15. Same here, and for the past 3 years I've had a system that does exactly what I want it to do, how I want it to do, hasn't killed itself ONCE, updates are a breeze and only notify me that they're available, as per my choice.

  16. I would put a disclaimer for that because arch is NOT meant for the average user, it's specifically designed to be an advanced DIY system, which is not a bad thing, it's an amazing distro if you're knowledgeable with linux, but the average user doesn't want to bother with that.

  17. What did you do with the mic issue? I'm having that same white noise problem which could be hardware related as my system is old and I've had this on multiple recent distros. I have to use a ps4 controller for mic.

  18. Pulseaudio mixer i belive it was called, and i had to go to the mic and press "m" so that i unmuted it, i dont remember exactly, i know i wached a titus video in wich he was solving audio issues

  19. I've alredy fixed my problem, and maybe it sounds a bit masochistic, but how should i learn something if i dont beark nothing =)

  20. Can't possibly imagine any issues with an Archlinux based distribution such as Manjaro which would be only fixed by changing to another distribution -- that cannot just be quickly fixed without changing. They're just distributions.

  21. Forget about playing games. I can't even get my audio to work when I play a movie. Googling doesn't always help. My distro is so niche that I cannot find any useful results. My password manager logs me out of the whole session whenever I try to use Auto-type function. My arcade stick does not work with my fighting game. It's just non-stop headache. (Opensuse Leap)

  22. Is openSUSE so detached from the general Linux ecosystem that issues need distro-specific fixes? Hard to imagine, honestly.

  23. Im sorry to hear that, on the audio side, some general troubleshooting is to see if you have both pipewire and the other one installed and if you do to remove one. Then to get the audio mixer of pipewire and fiddle around with the setting For the rest of them i dont know much as im a beginner myself, but you should of known this (because everyone that promotes linux says this) if you are a beginner pick the most common used distros, as for the enviroment you can change them, so you will have less headaches and eat your cake too. Pick one of the most common distros and change de to gnome or whatever opensuse uses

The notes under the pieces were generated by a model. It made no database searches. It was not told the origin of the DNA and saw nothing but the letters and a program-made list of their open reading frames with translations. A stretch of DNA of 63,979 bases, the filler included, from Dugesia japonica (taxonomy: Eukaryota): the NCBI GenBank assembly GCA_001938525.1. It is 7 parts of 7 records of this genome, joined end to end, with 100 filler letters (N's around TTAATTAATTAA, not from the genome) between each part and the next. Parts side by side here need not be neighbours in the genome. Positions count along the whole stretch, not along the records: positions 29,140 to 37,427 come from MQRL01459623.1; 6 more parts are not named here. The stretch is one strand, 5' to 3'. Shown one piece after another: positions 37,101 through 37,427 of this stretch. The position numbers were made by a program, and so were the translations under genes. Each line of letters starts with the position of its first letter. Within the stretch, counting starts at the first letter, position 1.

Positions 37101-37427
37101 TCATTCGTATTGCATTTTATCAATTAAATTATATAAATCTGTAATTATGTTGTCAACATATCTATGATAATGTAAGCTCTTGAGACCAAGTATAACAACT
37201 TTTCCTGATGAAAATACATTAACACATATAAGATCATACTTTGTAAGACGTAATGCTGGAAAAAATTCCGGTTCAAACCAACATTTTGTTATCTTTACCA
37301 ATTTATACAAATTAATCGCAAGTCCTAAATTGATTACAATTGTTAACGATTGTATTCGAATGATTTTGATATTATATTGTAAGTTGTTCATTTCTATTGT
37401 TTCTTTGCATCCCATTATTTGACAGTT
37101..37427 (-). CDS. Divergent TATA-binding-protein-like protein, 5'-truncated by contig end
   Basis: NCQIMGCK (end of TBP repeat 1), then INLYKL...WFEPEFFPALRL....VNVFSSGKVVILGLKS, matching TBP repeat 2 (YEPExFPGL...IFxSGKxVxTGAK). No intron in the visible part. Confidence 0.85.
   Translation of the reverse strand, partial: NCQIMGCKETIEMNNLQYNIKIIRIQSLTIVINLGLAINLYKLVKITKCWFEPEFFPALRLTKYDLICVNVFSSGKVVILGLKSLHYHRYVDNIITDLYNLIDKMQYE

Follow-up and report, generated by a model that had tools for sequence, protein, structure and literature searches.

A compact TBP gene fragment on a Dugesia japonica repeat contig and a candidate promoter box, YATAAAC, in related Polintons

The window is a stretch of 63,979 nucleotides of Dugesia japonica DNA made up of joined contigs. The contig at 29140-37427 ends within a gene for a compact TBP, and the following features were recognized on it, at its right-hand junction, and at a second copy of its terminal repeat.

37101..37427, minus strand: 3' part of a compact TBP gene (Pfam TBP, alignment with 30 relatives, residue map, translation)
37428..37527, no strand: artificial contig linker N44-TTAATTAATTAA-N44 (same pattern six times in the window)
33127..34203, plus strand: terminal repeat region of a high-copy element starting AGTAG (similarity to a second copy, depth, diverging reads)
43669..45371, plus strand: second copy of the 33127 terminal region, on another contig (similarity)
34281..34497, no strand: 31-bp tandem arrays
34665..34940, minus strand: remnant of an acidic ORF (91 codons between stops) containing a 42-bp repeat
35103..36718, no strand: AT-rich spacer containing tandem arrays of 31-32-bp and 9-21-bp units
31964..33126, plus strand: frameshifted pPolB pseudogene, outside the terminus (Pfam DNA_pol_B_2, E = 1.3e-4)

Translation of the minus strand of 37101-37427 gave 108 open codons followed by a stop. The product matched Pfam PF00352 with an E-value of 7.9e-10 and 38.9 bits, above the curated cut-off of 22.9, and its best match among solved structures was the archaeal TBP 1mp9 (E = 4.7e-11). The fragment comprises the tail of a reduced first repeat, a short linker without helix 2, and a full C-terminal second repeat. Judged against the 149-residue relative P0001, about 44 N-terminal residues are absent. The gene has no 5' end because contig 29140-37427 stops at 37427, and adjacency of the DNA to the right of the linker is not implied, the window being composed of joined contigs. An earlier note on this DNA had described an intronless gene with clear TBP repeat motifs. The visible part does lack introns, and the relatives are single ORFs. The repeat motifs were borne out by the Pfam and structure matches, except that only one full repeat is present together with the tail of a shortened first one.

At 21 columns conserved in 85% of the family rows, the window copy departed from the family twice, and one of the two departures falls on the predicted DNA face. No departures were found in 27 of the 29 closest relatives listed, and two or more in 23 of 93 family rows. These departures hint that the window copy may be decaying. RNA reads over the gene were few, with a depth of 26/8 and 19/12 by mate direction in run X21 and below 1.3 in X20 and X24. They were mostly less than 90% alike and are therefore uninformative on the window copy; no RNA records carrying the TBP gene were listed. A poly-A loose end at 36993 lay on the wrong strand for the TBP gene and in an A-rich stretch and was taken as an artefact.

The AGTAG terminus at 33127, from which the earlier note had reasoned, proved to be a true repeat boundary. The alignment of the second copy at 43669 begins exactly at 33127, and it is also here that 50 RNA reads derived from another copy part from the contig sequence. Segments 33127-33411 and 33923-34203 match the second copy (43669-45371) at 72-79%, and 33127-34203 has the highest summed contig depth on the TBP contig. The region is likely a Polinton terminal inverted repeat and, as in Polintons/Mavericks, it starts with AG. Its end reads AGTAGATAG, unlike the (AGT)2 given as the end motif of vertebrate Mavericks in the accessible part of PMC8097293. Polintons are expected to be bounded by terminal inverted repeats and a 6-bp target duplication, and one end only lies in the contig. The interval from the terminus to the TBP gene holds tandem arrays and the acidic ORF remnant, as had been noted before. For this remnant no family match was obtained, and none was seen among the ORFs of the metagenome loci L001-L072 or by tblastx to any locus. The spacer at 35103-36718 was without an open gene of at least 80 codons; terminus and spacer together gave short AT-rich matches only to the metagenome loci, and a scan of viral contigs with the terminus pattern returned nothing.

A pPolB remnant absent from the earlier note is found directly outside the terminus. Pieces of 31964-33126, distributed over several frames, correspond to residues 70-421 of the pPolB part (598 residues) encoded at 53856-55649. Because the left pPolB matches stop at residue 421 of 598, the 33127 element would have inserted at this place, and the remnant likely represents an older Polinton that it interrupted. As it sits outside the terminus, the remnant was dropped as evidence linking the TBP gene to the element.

24. Keep in mind as well that using rolling release distros will always also result in more problems. If you want to use those distros, of course you can, but that's not representative of a stable Linux experience. Fedora, Ubuntu/KUbuntu, Mint, and even something like PopOS will work much more simply out-of-the-box. Audio issues, especially, will be much reduced on distributions that favor stability over cutting-edge.

  25. Rolling release distros certainly won't always result in more problems. The supposed issues faulty updates give (so far never happened to me and if it ever does, rolling back is a matter of minutes) is certainly completely balanced out by not having to jump through hoops to fix an issue because packages are outdated or unavailable on a stable release.

  26. Note no distro other than bleeding edge ones use pipewire. It's decisions like that which make me not recommend those distros for new people. Like imagine you just gave up entirely after your issues with pipewire I wouldn't be blaming it for you leaving, I'd be saying it was just your choice of distro. Pipewire is great though and will be the default in the future but there is a reason why it isn't right now

  27. Wish I could get my Xbox controller to work on steam. For some reason it doesn't work and my dualsense doesn't work either idk what I am doing wrong.

  28. I've historically been on an off with Linux. Right now I am in a dual-boot with Windows 10 and still have to boot into Windows for some games. Though some of those games I quit there are still a couple I still want to keep around that still don't run on Linux. Even then I'd probably keep the install there just in case, only deleting it when Windows 10 goes EoL in 2025. In the past couple months in this dual-boot though I've hopped distros. First was Fedora 35, then EndeavourOS, and now I'm on Debian 11.